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dc.contributor.advisorBernier, Celeste-Marieen
dc.contributor.authorOksman, Aija-Marien
dc.date.accessioned2020-09-25T13:08:01Z
dc.date.available2020-09-25T13:08:01Z
dc.date.issued2018-11-26
dc.identifier.urihttps://hdl.handle.net/1842/37261
dc.identifier.urihttp://dx.doi.org/10.7488/era/548
dc.description.abstractFrederick Douglass and Sojourner Truth as writers and speakers would consistently obfuscated permissible discourse, subverting the expectations as imposed on African Americans during nineteenth-century America. By obfuscating prevailing stereotypes, they perpetuated a new Black man- and womanhood in their portraiture, challenging pseudoscientific claims of what African Americans ought to appear like. They inverted the prevailing racial caricatures by manipulating recognized signifiers of race, class and gender in their rhetoric as they visualized, narrated and created public self-representations that became symbolic to reforming American mentality. By employing their physiognomies and rhetoric tropes, Douglass and Truth were simultaneously in conflict and concord with one another for even though they shared ideologies, advocated for same issues, their styles were widely separate from one another. Douglass was apt in emphasizing his vast knowledge of politics and history as he relied in eloquence to appease the audiences into a false sense of security before unleashing sanguinary doctrines. Truth as an illiterate woman was confident in spontaneous delivery which in its brevity and evangelical message seemingly less threatening of white supremacist and paternalist status quo. Together they created alternative iconography advocating for a change in mentality away from the kneeling image of a slave, asking to be recognized as a man/woman and brother/sister, imagining an equal creative and physical existence.en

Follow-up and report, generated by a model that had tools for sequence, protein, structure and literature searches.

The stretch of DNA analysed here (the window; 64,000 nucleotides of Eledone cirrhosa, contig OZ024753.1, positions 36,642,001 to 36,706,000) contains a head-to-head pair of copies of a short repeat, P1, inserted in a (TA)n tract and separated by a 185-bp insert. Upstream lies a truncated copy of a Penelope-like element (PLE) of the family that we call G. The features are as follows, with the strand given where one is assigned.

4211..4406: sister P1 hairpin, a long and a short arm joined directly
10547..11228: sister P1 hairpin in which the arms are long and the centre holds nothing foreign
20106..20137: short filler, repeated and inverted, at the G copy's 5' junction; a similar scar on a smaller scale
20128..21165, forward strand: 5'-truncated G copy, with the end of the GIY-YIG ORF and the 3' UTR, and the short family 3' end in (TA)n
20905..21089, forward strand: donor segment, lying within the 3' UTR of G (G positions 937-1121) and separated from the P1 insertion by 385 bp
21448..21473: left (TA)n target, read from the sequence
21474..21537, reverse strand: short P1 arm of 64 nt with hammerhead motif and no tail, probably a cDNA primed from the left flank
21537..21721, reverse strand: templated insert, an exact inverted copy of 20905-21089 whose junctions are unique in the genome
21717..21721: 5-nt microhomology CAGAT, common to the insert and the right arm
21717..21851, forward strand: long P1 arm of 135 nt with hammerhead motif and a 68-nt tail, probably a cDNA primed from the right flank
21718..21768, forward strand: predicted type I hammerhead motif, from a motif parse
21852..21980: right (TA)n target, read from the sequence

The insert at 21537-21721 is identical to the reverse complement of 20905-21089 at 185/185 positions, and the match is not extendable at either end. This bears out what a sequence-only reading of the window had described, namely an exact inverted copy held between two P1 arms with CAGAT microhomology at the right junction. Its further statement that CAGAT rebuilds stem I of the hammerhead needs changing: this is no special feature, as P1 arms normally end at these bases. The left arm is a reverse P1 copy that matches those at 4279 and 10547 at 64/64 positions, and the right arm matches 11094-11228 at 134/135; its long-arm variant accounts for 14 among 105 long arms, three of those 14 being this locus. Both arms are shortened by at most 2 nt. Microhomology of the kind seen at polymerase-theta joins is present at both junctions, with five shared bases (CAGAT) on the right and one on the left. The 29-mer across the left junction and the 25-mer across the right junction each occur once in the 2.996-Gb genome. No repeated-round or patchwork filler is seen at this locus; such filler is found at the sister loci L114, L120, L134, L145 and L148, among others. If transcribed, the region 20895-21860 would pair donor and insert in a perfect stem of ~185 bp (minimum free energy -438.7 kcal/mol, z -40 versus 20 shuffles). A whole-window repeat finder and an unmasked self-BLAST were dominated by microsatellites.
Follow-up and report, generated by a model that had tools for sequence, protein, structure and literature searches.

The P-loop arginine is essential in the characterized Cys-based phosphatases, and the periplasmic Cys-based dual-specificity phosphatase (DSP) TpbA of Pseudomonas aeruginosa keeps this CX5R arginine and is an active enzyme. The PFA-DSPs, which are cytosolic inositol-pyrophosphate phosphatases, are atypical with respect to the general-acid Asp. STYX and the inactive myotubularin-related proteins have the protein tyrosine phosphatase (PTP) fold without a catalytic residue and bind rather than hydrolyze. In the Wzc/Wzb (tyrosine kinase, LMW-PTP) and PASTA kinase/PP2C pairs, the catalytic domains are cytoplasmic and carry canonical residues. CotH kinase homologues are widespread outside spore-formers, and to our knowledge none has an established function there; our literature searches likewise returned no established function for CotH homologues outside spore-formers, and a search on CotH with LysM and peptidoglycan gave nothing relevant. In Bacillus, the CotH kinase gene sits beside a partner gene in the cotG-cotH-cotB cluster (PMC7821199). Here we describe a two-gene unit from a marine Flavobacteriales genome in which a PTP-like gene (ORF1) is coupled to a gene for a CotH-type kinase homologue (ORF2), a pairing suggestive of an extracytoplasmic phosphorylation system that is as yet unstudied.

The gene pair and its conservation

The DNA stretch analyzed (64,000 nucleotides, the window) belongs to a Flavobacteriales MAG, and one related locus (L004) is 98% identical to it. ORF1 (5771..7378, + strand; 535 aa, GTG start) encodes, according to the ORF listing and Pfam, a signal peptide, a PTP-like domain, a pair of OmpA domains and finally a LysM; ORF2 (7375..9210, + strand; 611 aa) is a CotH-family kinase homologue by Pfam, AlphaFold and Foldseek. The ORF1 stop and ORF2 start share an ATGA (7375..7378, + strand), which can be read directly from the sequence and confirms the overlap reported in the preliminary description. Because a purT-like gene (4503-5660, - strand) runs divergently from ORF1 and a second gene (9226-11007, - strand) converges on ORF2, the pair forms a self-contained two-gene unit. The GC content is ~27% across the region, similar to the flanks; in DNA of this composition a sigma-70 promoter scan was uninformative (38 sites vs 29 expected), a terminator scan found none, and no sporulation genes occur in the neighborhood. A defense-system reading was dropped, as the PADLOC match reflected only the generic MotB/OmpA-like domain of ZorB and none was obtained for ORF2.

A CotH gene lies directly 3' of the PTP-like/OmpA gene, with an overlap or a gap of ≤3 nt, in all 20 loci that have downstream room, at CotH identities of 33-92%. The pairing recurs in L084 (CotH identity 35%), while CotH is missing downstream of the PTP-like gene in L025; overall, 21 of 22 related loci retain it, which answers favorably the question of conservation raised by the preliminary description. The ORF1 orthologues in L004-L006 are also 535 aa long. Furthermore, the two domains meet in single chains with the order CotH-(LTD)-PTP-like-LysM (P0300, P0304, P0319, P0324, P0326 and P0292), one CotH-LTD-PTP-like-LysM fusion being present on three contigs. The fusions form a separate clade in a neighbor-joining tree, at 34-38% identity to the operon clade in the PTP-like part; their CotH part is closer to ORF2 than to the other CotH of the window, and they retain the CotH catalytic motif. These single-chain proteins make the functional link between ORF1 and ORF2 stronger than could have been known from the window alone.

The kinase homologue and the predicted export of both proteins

dc.language.isoen
dc.publisherThe University of Edinburghen
dc.subjectFrederick Douglassen
dc.subjectSojourner Truthen
dc.subjectSlaveryen
dc.subjectSlave narrativeen
dc.subjectAfrican Americanen
dc.subjectLiteratureen
dc.subjectAutobiographyen
dc.subjectAmerican historyen
dc.subjectAfrican American historyen
dc.subjectBlack studiesen
dc.subjectHistoryen
dc.subjectU.S. studiesen
dc.titleThe Conflict and Concord in Self-Representation of Frederick Douglass and Sojourner Truth.en
dc.typeThesis or Dissertationen
dc.relation.referencesDouglass, Frederick. My Bondage and My Freedom (1855)en
dc.relation.referencesTruth, Sojourner. Narrative of Sojourner Truth: A Bondswoman of Olden Time, Emancipated by the New York Legislature in the Early Part of the Present Century ; with a History of Her Labors and Correspondence, Drawn from Her "Book of Life".(1875)en
dc.type.qualificationlevelMastersen
dc.type.qualificationnameMSc Master of Scienceen


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